Aurora Leigh, the heroine of Elizabeth Barrett Browning's novel poem of the same name, is a character whose feistiness, fortitude, and conviction are expressly clear from early on. Perhaps the earliest and most unmistakable instance of Aurora's determination is her rejection of her cousin Romney's marriage proposal on the grounds that Romney desires a "helpmate," not a wife. She feels he makes a grave mistake to think that she would be content to give up all her vocations (writing poetry, in particular) to stand at his side. She is also deeply offended by his lack of faith in the intelligence and influence of women writers.

A decade later, Romney comes to Aurora at her home in Florence to express his admiration for her recent book. He also apologizes for his earlier disavowal of women's writing capabilities. He attempts to convey to Aurora his newfound respect for poetic and artistic pursuits. He also claims that such pursuits are actually more successful in aiding humanity than his own lofty notions of charity and philanthropy, which have proved literally disastrous, Leigh Hall has been burned and Romney blinded.

Yet Aurora does not express satisfaction with Romney's expression of regret, nor does she feel complimented that her book overcame him "like soft rain/Which falls at midnight, when the tightened bark/Breaks out into unhesitating buds,/And sudden protestations of the spring" (Book VII, Lines 595-8). Instead, she reasserts her belief in the importance of art, but this time she adds that God's power far surpasses any influence that the artist or philanthropist may wield and thereby humbles such impassioned efforts:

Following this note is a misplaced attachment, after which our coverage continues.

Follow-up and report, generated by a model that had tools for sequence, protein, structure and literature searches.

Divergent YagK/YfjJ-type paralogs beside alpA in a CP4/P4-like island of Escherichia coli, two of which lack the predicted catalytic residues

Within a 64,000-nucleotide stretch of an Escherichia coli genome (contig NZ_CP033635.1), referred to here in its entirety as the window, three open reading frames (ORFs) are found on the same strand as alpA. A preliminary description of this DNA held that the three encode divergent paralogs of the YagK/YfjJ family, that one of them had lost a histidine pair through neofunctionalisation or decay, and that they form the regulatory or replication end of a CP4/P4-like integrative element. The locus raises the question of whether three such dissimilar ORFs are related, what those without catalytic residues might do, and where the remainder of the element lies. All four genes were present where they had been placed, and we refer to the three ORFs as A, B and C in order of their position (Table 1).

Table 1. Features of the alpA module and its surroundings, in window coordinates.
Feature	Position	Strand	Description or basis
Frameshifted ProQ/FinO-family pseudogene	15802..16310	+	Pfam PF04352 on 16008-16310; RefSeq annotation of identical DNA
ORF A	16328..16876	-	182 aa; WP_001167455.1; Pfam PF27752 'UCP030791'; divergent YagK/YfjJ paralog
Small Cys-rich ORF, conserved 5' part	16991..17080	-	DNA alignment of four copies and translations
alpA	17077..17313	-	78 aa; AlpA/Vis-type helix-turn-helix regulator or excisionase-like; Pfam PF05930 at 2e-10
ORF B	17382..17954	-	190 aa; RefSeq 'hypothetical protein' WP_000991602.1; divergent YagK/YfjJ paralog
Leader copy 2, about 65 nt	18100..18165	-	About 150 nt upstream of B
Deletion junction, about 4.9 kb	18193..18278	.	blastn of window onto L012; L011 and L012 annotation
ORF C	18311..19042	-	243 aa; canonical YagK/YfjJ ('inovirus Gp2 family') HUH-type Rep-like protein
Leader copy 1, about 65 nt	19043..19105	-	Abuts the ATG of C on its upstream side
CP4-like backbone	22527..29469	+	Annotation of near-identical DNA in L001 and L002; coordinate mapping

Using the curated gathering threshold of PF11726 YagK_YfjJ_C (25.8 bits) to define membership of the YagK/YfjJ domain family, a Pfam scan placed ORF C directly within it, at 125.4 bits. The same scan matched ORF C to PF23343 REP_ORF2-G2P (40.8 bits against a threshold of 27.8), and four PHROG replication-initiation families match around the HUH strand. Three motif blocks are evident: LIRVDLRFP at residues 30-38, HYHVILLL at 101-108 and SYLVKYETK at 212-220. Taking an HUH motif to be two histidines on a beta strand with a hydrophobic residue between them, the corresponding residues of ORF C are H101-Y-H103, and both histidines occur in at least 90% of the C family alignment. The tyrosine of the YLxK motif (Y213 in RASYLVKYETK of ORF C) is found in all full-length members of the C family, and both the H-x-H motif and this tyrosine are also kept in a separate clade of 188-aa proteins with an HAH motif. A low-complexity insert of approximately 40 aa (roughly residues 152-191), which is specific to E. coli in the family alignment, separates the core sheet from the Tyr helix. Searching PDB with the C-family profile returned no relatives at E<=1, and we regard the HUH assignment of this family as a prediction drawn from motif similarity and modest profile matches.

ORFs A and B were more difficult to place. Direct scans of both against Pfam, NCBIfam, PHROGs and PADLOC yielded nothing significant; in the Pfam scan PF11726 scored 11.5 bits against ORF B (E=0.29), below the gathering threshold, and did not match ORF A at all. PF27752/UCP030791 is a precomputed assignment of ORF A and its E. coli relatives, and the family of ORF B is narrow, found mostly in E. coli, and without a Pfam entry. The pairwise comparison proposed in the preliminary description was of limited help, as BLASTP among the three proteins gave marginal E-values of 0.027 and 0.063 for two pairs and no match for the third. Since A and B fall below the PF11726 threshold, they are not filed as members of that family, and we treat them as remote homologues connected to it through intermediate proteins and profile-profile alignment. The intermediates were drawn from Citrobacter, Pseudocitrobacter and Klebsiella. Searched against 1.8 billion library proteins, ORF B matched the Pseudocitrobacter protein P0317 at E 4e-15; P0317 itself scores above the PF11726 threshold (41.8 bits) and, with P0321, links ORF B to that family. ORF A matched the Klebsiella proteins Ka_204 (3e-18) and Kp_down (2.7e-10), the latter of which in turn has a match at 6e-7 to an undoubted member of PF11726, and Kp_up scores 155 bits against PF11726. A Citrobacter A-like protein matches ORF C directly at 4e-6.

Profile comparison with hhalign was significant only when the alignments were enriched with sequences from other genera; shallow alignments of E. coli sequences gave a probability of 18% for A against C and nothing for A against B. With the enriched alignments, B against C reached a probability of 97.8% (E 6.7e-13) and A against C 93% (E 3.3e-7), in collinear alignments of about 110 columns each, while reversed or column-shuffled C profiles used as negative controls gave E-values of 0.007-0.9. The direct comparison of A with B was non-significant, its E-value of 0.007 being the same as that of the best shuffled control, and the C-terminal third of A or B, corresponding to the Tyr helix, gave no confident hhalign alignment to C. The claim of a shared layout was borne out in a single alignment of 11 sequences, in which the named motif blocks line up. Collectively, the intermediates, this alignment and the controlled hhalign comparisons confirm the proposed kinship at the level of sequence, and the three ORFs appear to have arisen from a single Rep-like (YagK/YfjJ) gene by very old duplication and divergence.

"You wholly misconceive,"
He answered.
I returned, — "I'm glad of it:
But keep from misconception, too, yourself:
. . . If I am sad at all,
Ten layers of birthdays on a woman's head,
Are apt to fossilise her girlish mirth,
Though ne'er so merry: I'm perforce more wise,
And that, in truth, means sadder. For the rest,
Look here, sir: I was right upon the whole,
That birthday morning. 'Tis impossible
To get at men excepting through their souls,
However open their carnivorous jaws;
And poets get directlier at the soul,
Than any of you oeconomists: — for which,
You must not overlook the poet's work
When scheming for the world's necessities.
The soul's the way. Not even Christ himself
Can save man else than as He hold man's soul;
. . . I said, so far, right, yes; not farther, though:
We both were wrong that June-day, — both as wrong
As an east wind had been. I who talked of art,
And you who grieved for all men's griefs . . . what then?
We surely made too small a part for God
In these things. What we are, imports us more
Than what we eat; and life you've granted me,
Develops from within. But innermost
Of the inmost, most interior of the interne,
God claims his own, Divine humanity
Renewing nature, — or the piercingest verse,
Prest in by subtlest poet, still must keep
As much upon the outside of a man,
As the very bowl, in which he dips his beard.